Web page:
Other ‘Kid’ in Butch Cassidy’s Gang Sentenced to 20 Years
Because he was played by Robert Redford in the popular 1969 film, the Sundance Kid is the member of Butch Cassidy’s “Wild Bunch” gang that the public remembers. However, there was another Kid in that gang who was actually a faster and deadlier gunfighter than Sundance: Harvey Alexander Logan, a.k.a. Kid Curry. Despite having killed nine lawmen in his career with his lightning-fast draw, the law finally caught up with Kid Curry on Nov. 30, 1902, when he was sentenced to a combined 130 years’ imprisonment for various bank and train robberies, with several sentences running concurrently; the total effect was a sentence of 20 years.
Here is how the Anaconda Standard (Anaconda, Montana) reported the news on Nov. 30, 1902:
Kid Curry Will Serve Twenty Years
His Sentences Amount to 130 Years, but Eight for Fifteen Years Each Are Concurrent, as Also Are Two [of Five] Years Each—He Will Join Ben Kilpatrick at Columbus Prison
Special Dispatch to the Standard
Knoxville, Tenn., Nov. 29.—Kid Curry was today sentenced to 20 years at hard labor in the federal prison at Columbus, Ohio. Judge Clark passed the sentence this morning shortly after court convened. The sentence given to Curry really amounted to 130 years, but the actual time that he will serve in prison amounts to 20 years, as some of the terms run concurrently. Eight sentences are for 15 years each, to be served concurrently, two for five years each, to be served concurrently.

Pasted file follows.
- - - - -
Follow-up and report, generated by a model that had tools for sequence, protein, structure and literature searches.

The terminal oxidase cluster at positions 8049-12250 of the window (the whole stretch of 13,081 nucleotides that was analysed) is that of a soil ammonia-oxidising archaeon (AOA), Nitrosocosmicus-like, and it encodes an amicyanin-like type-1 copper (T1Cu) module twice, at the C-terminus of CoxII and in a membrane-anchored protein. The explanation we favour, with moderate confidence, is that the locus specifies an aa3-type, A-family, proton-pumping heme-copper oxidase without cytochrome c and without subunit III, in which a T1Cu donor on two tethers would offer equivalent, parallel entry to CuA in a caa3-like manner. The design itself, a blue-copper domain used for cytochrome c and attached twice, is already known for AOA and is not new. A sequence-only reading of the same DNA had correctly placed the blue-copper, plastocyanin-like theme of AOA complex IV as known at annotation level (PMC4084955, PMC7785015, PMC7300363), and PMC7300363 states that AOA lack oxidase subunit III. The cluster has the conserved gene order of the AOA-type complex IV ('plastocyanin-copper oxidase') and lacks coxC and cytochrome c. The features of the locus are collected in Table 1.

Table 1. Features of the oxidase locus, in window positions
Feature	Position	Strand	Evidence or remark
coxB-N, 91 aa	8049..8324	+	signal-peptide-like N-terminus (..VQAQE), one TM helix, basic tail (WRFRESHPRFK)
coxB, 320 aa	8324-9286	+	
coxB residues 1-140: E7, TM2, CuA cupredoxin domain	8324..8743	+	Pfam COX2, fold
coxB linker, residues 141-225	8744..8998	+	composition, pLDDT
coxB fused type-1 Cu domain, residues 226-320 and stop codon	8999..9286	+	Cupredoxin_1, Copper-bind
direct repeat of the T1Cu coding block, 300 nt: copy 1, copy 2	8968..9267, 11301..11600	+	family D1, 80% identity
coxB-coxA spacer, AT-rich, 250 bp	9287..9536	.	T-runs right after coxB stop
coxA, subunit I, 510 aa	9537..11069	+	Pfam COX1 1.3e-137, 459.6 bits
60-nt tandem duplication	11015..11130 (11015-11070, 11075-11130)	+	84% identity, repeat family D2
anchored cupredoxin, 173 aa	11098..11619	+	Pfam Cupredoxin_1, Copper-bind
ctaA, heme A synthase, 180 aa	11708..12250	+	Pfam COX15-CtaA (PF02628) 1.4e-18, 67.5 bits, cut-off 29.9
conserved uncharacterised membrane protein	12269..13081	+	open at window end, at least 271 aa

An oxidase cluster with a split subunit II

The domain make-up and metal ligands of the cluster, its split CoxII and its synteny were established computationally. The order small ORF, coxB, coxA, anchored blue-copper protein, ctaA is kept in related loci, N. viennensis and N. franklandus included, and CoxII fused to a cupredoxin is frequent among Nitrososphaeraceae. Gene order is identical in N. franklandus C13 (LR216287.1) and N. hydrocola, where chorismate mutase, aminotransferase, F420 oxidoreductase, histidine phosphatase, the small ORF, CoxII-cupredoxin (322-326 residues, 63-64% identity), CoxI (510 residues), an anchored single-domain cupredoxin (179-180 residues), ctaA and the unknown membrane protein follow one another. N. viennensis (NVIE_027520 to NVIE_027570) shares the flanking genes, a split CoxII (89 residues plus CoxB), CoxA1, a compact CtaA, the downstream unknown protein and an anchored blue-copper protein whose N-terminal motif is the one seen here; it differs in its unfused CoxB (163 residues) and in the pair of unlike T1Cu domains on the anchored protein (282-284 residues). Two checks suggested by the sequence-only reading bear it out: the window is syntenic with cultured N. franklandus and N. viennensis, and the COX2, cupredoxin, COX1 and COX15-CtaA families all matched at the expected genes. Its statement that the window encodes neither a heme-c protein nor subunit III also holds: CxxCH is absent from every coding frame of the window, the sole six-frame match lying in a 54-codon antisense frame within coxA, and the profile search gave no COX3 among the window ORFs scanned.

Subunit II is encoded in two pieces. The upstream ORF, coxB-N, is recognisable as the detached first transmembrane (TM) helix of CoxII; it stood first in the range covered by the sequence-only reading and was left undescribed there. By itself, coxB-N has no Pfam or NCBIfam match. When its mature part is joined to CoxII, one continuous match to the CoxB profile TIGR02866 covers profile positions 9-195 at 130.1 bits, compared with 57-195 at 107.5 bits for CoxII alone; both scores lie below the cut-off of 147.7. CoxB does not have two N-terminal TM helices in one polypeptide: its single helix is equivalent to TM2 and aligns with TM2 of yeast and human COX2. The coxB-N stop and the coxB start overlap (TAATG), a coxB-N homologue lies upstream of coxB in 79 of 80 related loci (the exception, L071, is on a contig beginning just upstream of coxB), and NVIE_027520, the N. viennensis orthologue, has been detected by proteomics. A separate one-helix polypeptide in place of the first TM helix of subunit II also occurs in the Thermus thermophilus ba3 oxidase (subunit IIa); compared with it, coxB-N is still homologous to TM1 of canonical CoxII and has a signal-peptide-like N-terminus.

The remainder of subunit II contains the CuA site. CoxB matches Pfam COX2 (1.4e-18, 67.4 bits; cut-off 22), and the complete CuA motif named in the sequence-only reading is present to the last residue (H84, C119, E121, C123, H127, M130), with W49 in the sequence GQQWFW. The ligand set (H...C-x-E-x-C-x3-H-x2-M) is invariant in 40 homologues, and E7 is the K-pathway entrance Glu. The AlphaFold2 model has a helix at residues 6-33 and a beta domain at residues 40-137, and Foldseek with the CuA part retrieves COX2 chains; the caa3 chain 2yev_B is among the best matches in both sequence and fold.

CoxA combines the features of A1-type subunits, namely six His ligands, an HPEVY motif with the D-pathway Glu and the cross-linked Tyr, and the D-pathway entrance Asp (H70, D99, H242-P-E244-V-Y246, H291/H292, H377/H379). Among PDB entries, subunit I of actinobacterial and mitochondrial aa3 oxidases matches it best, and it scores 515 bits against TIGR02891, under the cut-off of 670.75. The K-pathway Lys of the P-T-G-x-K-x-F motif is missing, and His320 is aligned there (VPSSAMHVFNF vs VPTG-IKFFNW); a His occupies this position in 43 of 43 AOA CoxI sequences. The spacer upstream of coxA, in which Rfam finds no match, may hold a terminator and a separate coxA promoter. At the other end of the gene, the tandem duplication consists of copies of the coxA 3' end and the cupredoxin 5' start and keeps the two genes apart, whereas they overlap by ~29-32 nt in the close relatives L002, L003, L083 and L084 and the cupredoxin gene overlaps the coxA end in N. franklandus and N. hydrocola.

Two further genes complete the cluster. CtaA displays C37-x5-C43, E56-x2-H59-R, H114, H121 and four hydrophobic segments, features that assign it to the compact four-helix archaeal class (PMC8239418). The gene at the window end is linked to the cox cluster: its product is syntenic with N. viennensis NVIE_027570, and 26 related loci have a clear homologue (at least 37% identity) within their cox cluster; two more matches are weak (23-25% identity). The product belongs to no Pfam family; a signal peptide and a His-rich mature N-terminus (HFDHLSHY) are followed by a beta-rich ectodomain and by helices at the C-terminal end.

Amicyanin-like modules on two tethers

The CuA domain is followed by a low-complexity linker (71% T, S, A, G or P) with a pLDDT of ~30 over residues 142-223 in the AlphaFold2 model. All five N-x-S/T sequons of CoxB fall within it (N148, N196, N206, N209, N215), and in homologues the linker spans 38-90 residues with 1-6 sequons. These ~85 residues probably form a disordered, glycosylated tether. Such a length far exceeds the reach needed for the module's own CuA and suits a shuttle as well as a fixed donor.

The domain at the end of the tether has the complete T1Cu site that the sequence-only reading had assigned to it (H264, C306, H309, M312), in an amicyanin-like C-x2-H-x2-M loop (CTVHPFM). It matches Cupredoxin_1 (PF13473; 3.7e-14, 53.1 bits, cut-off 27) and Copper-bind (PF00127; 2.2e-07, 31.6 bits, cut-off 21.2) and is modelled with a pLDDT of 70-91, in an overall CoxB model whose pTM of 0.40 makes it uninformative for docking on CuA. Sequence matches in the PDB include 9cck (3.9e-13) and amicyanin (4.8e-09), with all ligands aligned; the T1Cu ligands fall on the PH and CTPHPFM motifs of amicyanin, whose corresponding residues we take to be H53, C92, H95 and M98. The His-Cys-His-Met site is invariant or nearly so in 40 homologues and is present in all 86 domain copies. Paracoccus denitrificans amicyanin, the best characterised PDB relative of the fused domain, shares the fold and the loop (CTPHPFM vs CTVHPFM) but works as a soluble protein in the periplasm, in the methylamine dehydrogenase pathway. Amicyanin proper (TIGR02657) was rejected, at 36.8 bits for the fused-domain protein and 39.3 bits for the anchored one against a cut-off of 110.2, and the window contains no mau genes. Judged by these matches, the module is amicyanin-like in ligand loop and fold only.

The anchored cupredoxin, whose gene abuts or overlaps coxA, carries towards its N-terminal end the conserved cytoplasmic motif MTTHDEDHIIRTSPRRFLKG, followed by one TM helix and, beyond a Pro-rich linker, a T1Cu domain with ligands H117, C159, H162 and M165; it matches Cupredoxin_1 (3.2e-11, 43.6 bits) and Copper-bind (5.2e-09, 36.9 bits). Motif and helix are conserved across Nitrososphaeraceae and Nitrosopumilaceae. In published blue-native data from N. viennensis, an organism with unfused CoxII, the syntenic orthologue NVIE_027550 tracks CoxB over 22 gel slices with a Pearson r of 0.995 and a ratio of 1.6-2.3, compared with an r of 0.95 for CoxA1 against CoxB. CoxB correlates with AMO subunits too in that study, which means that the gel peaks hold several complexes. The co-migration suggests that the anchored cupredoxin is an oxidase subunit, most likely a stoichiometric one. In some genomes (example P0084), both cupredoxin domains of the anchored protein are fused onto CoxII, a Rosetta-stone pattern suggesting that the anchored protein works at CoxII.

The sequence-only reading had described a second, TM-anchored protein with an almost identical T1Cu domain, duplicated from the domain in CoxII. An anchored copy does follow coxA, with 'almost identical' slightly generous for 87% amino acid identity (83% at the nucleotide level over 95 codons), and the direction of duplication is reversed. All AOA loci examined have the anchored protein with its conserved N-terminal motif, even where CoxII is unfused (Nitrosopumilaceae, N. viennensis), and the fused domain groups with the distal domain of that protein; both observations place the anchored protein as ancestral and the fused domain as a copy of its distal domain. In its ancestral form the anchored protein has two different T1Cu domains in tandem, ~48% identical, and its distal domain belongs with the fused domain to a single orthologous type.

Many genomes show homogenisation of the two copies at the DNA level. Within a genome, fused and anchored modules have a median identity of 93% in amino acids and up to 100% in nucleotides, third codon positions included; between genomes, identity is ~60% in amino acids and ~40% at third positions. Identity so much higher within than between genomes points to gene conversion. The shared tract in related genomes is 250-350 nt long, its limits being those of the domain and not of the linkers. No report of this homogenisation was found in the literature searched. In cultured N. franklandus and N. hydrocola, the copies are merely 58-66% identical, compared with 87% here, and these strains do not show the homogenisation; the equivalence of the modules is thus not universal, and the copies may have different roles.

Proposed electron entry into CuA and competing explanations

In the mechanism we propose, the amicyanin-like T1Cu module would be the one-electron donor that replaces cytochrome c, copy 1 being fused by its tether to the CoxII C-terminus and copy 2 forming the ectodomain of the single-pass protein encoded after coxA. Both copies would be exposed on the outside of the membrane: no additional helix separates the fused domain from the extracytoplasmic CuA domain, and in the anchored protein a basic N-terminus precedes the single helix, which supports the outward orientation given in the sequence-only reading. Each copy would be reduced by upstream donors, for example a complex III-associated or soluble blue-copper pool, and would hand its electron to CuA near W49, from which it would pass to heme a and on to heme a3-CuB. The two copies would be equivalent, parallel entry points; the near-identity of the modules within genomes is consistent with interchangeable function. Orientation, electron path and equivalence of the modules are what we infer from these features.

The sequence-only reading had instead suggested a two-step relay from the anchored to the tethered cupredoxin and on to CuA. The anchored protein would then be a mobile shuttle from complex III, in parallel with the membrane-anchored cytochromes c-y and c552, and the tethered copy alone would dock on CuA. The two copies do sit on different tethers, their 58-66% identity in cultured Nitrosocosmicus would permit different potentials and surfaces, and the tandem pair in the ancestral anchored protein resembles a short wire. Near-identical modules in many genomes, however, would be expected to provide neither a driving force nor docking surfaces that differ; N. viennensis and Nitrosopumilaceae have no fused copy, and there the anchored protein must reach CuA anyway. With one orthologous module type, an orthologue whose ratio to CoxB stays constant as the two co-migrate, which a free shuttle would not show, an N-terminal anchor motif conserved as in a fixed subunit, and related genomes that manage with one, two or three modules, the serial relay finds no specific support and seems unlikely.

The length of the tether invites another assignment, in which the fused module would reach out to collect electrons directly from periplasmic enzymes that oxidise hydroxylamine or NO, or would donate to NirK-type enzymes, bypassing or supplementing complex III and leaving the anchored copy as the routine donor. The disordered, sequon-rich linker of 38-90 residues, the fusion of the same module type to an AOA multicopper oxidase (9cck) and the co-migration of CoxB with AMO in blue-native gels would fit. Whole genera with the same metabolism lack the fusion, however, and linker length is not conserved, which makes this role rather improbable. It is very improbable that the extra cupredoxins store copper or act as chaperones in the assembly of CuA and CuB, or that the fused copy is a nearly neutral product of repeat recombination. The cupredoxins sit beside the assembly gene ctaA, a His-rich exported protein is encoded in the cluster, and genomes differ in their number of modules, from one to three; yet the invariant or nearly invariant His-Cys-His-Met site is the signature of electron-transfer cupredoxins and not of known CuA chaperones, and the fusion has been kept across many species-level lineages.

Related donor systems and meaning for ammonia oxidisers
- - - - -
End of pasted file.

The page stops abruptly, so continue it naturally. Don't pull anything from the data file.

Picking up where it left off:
There were imposed also 10 fines of $500 each, a total of $5,000. An attempt will be made to get the case before the circuit court of appeals at Cincinnati on a writ of error; and Curry’s attorneys will have a week to decide the matter and draw the papers in the case.
When Logan was sentenced, he had the same look on his face that he has carried all during the trial, and when asked by the court if he had anything to say why sentence should not be passed on him, he spoke in a clear voice without emotion. Not a tear or blush came to his cheek and he was apparently unmoved under the strain of expectancy.
At the beginning of the case this morning the defense attacked the character of a witness and the efforts were overruled and the matter dismissed. The same course was taken by the court with the motion for a new trial.
After considerable skirmishing between the attorneys, Judge Clark asked Curry if he had anything to say. He then spoke in a clear voice that could be heard all over the courtroom.
“No, I believe not, your honor, anything more than what my counsel has said,” he said.
There is no truth in the report that Marshal Austin’s life had been threatened by Curry or his friends. Curry will join Ben Kilpatrick, his assistant, who was sentenced at St. Louis.
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